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Discussion Starter #1 (Edited)
Here's a question for those of you with experience in brake systems. This is for a 2002 Mustang, not a classic Mustang, but I would love to hear the opinions of VMF members.


I recently had to change the passenger ball joint on the Mustang (it had started to make some noise, torn boot), and noticed that the passenger brake pads were worn past the wear indicators. I thought, OK I'll replace the pads while I got this apart. Moved to the drivers side and the pads aren't nearly as worn as the passenger side. Put it all together and take it for a test drive and I could tell something wasn't right. Got back and the passenger caliper was really hot to the touch, and you could smell that it was hot. Jack the front up and I could only turn the wheel with significant effort. Without the wheel, I can't turn the rotor at all.



In my limited experience, a dragging brake was either a caliper with issues or a damaged hose. So I pumped the brakes, the caliper has hold of the rotor and won't budge. Open the bleed valve and a little fluid trickles out. Aha! I say, its the caliper, piston isn't retracting with the change in pressure. If the hose was holding pressure, then a lot of fluid would quickly come out the bleeder. So I get a re-manufactured caliper, install it and ... same problem. In frustration I get a new hose since they are cheap and in stock and install it - and still no joy.


I did notice after all of that that the brake pedal does not appear to fully return to its position. I had a helper pumping the brakes so I was unaware of this during the parts changes. It's close, but not quite even with the clutch pedal like it should be, maybe a 1/2 inch low. (I should measure this, it could be more) I'm beginning to think maybe the master cylinder has an issue. I'd like to hear your opinions, and specifically how to verify the issue before swapping parts. I hate just buying parts to see if it fixes the issue. Thanks for your help!!!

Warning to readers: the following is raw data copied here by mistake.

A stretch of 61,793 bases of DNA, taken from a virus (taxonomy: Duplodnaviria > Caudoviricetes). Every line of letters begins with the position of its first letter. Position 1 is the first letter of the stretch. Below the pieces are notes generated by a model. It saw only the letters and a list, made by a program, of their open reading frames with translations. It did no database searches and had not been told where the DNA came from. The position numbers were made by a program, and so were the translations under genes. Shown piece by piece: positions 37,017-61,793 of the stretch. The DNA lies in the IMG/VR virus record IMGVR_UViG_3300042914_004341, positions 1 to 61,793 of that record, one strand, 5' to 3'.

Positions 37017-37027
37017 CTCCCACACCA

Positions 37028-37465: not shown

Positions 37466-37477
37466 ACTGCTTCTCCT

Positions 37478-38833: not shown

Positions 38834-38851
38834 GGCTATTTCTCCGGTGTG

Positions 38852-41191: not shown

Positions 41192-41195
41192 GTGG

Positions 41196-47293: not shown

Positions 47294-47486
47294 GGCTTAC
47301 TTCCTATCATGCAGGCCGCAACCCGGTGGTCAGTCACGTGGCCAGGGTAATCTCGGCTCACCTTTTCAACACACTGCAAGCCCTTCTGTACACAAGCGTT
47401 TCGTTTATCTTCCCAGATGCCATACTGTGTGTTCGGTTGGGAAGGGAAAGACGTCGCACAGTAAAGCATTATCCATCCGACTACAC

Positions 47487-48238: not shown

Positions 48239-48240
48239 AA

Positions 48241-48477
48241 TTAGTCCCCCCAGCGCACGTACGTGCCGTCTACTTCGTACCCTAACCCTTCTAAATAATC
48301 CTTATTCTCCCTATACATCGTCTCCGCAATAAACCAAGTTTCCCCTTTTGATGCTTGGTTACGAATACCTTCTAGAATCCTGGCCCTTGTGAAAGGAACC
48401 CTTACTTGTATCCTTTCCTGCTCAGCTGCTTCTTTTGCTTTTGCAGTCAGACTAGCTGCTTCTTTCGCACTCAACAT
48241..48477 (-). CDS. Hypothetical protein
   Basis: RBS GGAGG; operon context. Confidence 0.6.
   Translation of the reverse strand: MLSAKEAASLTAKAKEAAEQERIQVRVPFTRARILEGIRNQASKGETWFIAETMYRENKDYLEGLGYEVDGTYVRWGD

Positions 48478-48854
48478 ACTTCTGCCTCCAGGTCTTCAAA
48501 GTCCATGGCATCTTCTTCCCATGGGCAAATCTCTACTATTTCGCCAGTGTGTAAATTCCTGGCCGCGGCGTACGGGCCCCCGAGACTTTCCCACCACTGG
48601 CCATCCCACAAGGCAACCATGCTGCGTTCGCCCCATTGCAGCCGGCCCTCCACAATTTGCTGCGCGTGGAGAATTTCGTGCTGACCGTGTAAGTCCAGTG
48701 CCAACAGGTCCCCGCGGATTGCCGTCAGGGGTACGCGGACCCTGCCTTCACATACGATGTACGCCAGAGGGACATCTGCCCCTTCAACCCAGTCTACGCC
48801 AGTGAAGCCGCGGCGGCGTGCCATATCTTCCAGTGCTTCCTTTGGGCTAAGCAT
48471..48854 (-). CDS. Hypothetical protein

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I've seen this many times with my cars or family members cars. My experience with a HOT "stuck" caliper has been one of the following:
Stuck caliper: One way to tell is once off, I use a "C" clamp to compress piston. If it takes a lot of effort to compress piston back in, then either caliper or rubber brake hose collapsed inside (usually where there's a brkt clamped on the hose.
Most times I'd go with caliper. But to see if hose, open the bleeder, if fluid just barely comes out, it's the hose. If it flows out normal, then caliper.

Now another thing it can be if the brake pads are to tight on the "slides". That's from to much dirt/corrosion or paint finish on the points where pads sit on slides. For that I've taken a metal file and cleaned that contact area up a bit. Pads when installed must move around little bit. If they don't "float" then they'll hang up. One overall solution is to buy the "caliper assembly loaded". It'll be caliper and clean brkt.


If your problem is not ant of the above then I'd start with opening up bleeder screw and note the fluid flow, then compare to other side.

Or just thinking, a small chance you got a bad new caliper. Make sure with and without brake hose on, piston retracts easily.
 

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Discussion Starter #3
I've seen this many times with my cars or family members cars. My experience with a HOT "stuck" caliper has been one of the following: